Most wines come in glass bottles, but Americans are more open to drinking their wine from a box than ever before.
When people talk about box wine, they’re usually thinking of the large bag-in-box formats that contain three or five liters of wine. These make terrific choices for those who want their nightly tipple in an “economy size” they can keep on the kitchen counter or in the fridge door. But boxes also have the advantage of making wine more portable because they are considerably lighter than glass bottles and produce less bulky waste.
Three-liter boxes are great for big outdoor celebrations, such as family reunions or holiday barbecues, as well as for summer travels by RV or sailboat. But they can be too bulky for many outdoor activities that involve fewer people or shorter trips, such as a day at the beach or a wilderness hike. However, a different type of box — known as the Tetra-Pak — has made it possible to protect wine quality in the same types of cartons used for juices and soups, which are insulated with a micro-thin layer of aluminum and coated with a food-safe polymer lining.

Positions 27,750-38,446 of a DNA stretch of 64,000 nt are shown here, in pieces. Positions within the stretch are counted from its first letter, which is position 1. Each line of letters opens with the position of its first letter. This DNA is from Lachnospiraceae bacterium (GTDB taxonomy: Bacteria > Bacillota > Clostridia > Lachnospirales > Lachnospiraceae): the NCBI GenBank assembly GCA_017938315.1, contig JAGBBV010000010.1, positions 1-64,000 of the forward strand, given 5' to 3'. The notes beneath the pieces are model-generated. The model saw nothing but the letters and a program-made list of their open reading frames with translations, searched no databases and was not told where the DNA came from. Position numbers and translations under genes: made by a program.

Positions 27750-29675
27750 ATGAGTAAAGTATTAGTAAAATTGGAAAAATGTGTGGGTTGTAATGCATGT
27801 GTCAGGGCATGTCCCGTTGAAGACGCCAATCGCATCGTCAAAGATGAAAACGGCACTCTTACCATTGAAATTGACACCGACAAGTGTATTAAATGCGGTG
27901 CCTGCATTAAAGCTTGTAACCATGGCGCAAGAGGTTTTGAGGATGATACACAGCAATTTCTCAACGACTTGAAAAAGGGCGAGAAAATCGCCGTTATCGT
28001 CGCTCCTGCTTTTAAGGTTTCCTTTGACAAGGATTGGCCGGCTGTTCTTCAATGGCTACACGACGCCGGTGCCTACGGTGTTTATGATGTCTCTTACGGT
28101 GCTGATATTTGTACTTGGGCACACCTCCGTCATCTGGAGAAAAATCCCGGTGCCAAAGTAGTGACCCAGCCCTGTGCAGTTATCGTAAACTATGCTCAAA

As boxes have gained wider acceptance, we have seen higher-quality wines moving into these practical and cost-effective containers, as with this “adventure-ready” Chardonnay from California, which offers pristine flavors of golden apples and cantaloupe melons. Its 1L Tetra-Pak takes up roughly the same amount of space as a traditional 750 ml bottle, but is both lighter in weight and contains 33 percent more wine, or 6½ glasses.